4-4 Point Traditional Slide Joseki, 2-8 Invasion
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The 4-4 Point Traditional Slide Joseki 2-8 Invasion refers to a middlegame pattern that often occurs around the traditional slide joseki when Black has an additional approach stone (marked circle). This invasion is aggressive and seeks to take away White's base or split White's group. It may lead to complicated fighting.
Responses to this invasion have evolved over time. Strong AI programs have different opinions about this invasion, and professionals has historically played sequences that are not viewed favorably by AI. This page attempts to document the progression from historic middlegame joseki to current AI-inspired thinking.
Patterns around this position are highly sensitive to whether the Black approach stone (circle) has support. If Black has a strong position on the top side, the ensuing fight could favor Black. Without support, strong AI programs tend to favor White in the fight.
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Blocking at a is chosen by professionals a majority of the time (~78%) , and it is White's strongest response.
Blocking at b is passive and allows Black to connect up to the outside, but it ensures that White's stones will remain connected. Sometimes Strong AI programs can prefer blocking at b if Black is very strong in the local area, which would make a potential fight unfavorable for White.
In the mid-2000s, one of the main variations considered by professionals was the diagonal attachment followed by the clamp . This clamp was played when Black has a strong group at the top side (marked square) and seeks to separate White's stones.
A match by Kim Eunseon (3p) vs. Rui Naiwei (9p) (2007) illustrates this concept. After the clamp at , the following sequence of moves are the strongest resistance by White and in fact recommended by AI.
At first glance, White appears to be in a bad position because White is split into two weak groups while Black only has one weak group to manage. In the ensuing fight, Kim Eunseon (white) struggled to recover from this position and was unable to save both sides. Professionals seemed to dislike this variation and it was common for White to play moves to avoid this complicated fight.
The subsequent variations listed in this section are countermeasures against the clamp and methods to simplify the position at a local loss for White.
It is possible for White to decline a fight and remain connected with the hane at . This variation is depicted in the book, After Joseki, although it is almost non-existent in professional games. Mukai Kaori (1p) vs. Yamamoto Kentaro (4p) is the only result in Waltheri that matches this pattern.
Clearly, this result is too good for Black, and Black even takes sente.
White cannot accept this variation.
The most popular variation played by high-level professionals in the mid-2000s was the extend in response to the diagonal attachment . The apparent purpose of is to prevent the clamp (discussed above), and it aims to simplify the position in sente while keeping White's stones connected.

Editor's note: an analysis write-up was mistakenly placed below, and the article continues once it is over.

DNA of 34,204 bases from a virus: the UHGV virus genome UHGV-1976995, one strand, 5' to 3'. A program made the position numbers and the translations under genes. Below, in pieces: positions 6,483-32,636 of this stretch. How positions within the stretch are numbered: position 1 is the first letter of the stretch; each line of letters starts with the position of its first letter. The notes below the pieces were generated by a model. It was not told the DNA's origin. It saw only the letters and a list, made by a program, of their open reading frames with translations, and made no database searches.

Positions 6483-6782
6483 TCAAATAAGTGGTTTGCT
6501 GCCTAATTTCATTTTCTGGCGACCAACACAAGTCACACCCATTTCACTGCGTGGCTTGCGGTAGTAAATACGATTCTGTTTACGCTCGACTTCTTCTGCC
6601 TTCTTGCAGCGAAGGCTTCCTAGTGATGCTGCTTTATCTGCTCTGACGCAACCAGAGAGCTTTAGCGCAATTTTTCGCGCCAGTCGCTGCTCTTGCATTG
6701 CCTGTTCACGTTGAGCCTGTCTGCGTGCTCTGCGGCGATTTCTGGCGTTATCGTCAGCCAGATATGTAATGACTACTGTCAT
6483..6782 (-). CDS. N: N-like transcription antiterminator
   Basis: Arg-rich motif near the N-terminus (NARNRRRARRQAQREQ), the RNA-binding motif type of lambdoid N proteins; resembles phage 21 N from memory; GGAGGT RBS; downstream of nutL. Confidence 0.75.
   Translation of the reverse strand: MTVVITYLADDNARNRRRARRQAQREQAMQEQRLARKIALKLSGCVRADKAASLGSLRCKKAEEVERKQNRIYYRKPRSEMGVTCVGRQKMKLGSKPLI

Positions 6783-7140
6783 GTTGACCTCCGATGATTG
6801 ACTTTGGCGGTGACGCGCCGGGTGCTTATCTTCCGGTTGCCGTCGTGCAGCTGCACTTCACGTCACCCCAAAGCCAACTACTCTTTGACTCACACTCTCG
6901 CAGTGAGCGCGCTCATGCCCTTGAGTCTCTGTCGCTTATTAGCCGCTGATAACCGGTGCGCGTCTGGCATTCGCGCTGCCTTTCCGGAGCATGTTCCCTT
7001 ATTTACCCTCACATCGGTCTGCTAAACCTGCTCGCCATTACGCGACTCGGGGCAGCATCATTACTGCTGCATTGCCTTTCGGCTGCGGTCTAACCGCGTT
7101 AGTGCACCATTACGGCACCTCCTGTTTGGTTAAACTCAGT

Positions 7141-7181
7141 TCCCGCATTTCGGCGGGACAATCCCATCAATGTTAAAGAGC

Black takes solid territory with the descent and White remains unsettled. The stone still has aji, and the position seems better for Black. Nonetheless, this appears to the most common variation played by top professionals prior to the AI revolution, and it is seen in the games of Lee Changho, Gu Li, Takao Shinji, Kong Jie, and others.
Strong AI programs do not evaluate this extend favorably, since White gave up too much too easily. In fact, AI seems to believe that fighting (discussed above) is better for White in most situations. However, strong amateurs like Baduk Doctor? (7d) favor this extend variation (see linked youtube video).
The following sequence of moves depicted in Kobayashi Satoru vs. Cho Chikun are nearly all forcing and recommended by AI. Black's descent at a is forcing and b nearly captures . This variation is decent for Black even if Black does not have the ladder.
Strong AI programs  dislike the extend variation (discussed above) and prefer that White block and fight (discussed above). Although the fight may appear difficult for White, the AI favors White in the fight, since Black has poor shape with a shortage of liberties. A hane at the marked square takes advantage of Black's liberty shortage and White has many forcing moves in the center.
From an amateur's perspective, it is difficult to assess whether human players would be able to manage this fight as well as strong AI. There are no professional games in Waltheri illustrating a fight at that went in White's favor, and these variations have not been played by professionals since the AI revolution.
- (Youtube) Baduk Doctor (7d): The aji after the most basic joseki (After Joseki 2) (2020)
-  Frequency statistics were obtained from Waltheri's Go Pattern Search using the full database restrained to a local search (accessed August 2021).
-  AI score estimates were obtained from katrain (v1.9.3) and sabaki running 30 block katago (1.8.0). AI score estimates can vary widely depending on the board position and software version, and should be taken with a grain of salt.